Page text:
Vince Carter (ankle) got back on the floor on Friday night, but logged just six minutes in against Flamengo.
The Scoop:We'll let you know if we hear anything for owners to be concerned about, but there's no reason for Carter to push himself at this time of year. The Grizzlies predictably rolled tonight, with a bountiful box score that owners should disregard for projection purposes.
Vince Carter came off the bench and hit 2-of-3 shots, both 3-pointers, for nine points and one assist on Saturday.
The Scoop:He's been held out with a bum ankle but looked good tonight. He may not start for the Grizzlies, but could have a nice role as the sixth man in Memphis. Once you get to the final round of your draft, he's worth a look.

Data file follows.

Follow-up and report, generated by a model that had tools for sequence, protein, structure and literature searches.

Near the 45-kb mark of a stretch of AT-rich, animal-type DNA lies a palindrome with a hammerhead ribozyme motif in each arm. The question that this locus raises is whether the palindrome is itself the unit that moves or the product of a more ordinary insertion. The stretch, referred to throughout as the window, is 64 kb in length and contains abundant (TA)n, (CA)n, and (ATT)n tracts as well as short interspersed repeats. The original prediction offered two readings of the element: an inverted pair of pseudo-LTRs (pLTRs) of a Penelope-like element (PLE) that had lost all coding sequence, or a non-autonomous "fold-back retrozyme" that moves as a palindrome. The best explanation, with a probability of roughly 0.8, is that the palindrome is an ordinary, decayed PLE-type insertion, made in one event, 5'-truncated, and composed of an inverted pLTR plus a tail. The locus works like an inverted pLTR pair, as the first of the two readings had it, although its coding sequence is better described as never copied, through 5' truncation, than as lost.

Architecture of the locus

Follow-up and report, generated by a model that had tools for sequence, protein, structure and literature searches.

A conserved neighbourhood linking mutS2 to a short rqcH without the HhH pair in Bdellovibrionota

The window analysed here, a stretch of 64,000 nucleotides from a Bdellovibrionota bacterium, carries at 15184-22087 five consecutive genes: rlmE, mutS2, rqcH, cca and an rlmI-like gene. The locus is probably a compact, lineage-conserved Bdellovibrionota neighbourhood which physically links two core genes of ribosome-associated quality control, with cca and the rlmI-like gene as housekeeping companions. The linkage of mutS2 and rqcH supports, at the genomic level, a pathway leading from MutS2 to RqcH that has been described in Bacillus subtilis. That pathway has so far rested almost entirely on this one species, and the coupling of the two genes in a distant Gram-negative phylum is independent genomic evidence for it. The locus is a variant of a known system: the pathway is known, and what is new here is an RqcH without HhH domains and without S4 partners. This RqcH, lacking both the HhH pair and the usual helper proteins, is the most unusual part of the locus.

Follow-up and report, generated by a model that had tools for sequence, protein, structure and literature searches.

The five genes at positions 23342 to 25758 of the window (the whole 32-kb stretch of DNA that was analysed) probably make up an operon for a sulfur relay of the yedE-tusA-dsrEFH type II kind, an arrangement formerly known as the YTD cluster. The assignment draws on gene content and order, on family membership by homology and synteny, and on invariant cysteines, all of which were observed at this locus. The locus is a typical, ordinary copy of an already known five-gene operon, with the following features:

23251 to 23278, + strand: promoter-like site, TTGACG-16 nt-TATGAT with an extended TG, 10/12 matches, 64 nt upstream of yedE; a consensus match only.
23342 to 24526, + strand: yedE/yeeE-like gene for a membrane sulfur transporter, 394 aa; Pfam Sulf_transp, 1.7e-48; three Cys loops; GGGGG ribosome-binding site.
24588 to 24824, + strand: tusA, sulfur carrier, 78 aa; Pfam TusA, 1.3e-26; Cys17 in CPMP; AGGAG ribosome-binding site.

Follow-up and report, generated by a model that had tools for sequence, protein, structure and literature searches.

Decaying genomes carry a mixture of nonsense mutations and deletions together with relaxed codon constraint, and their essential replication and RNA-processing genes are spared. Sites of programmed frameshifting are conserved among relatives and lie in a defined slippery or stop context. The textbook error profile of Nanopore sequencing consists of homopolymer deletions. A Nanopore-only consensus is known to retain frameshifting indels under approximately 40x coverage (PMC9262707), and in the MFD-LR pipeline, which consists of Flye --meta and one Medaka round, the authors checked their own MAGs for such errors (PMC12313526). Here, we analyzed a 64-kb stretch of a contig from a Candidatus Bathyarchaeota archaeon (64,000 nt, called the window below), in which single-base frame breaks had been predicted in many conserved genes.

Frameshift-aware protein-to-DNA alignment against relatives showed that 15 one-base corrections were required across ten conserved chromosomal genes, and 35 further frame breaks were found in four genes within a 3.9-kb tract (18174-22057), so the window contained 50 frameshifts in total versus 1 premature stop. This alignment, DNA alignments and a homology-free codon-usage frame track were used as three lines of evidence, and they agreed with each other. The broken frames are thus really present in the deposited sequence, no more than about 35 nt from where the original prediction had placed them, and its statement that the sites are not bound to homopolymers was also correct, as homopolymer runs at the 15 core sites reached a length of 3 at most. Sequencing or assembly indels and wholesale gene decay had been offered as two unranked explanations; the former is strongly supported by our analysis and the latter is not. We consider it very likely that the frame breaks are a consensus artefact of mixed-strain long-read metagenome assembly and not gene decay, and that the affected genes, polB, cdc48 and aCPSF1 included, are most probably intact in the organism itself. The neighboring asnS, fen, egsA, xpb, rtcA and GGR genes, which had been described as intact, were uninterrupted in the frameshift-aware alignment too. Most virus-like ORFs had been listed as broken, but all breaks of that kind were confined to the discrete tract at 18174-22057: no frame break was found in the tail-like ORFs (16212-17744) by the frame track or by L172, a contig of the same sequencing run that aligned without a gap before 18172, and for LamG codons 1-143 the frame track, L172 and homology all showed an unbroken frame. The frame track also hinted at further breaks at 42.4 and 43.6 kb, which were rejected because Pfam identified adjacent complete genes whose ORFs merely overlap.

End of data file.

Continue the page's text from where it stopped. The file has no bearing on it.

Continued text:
The Memphis Grizzlies are respected, one can be sure of that. They are feared in many outlets and they are also treated like the defensive behemoths that they are most nights out by the opposition. Teams, coaches, players and the media all respect the tone and timbre of the Memphis Grizzlies. Whether or not they are dangerous is still up for debate, though. The Grizzlies have entered the last few years as a team working under a ceiling far shorter than the one they used to play at in the Memphis’ iconic Pyramid Arena . Sturdy types like Marc Gasol and Zach Randolph are expected to once again lead Memphis to the playoffs where, health and matchup-willing, they will win perhaps one or even two series’. To call this squad a championship contender is a bit much, the unending result of the former owner and current general manager (we think) running a bit wild with the cash in days past. As it stands, the Grizzlies will be well situated under the salary cap next summer even with Zach Randolph’s new contract extension taking up space. Tayshaun Prince, who may barely play this year as he eases into a role of a player-coach of sorts, has an expiring contract that the team’s front office will find tough to move. Said front office can then start tooling around in attempts to surround an in-prime Marc Gasol with a deeper bench and better shooting. For this season, though, it’s back to grit and grind. The team wouldn’t have it any other way, even if returning to the postseason will be a struggle in the killer Western Conference. Prince, who struggled with myriad ailments and conditioning issues last season, will thankfully see his minutes taken by newcomer Vince Carter, who still provides a sound all-around package even though he’ll turn 38 midway through the 2014-15 season. That’s two years younger than his coach Dave Joerger, who will lean heavily on Carter to aid in ramping up Memphis’ league-worst number of three-point makes. That’s the extent of the roster turnover, though, with a front office in flux and still hamstrung by the league’s luxury tax – something the small market team has paid twice and flirted with in the intervening years since. The real addition to Joerger’s roster will, hopefully, be a healthy 82-game season from Gasol. The Grizzlies were the league’s best defensive team with Gasol in the lineup last season, and his 23-game absence had the toothless squad reeling early in 2013-14. Mike Conley’s advancements and Randolph’s steadied contributions were not enough to stem that particular slide, but with Gasol on board the team roared back into the postseason bracket and gave Oklahoma City all they could handle in a seven-game playoff loss. A meltdown of sorts within the team’s front office followed, but with basketball lifer Chris Wallace making the phone calls and former ESPN and Sports Illustrated scribe John Hollinger purportedly calling the scouting shots, the Grizzlies should have enough from the holdovers plus Carter to make one of those runs again. If a matchup works, or they’re able to take a Game 2 on the road, a second or even third round could be in the offing. Expecting this, or expecting anything beyond that, is a bit much.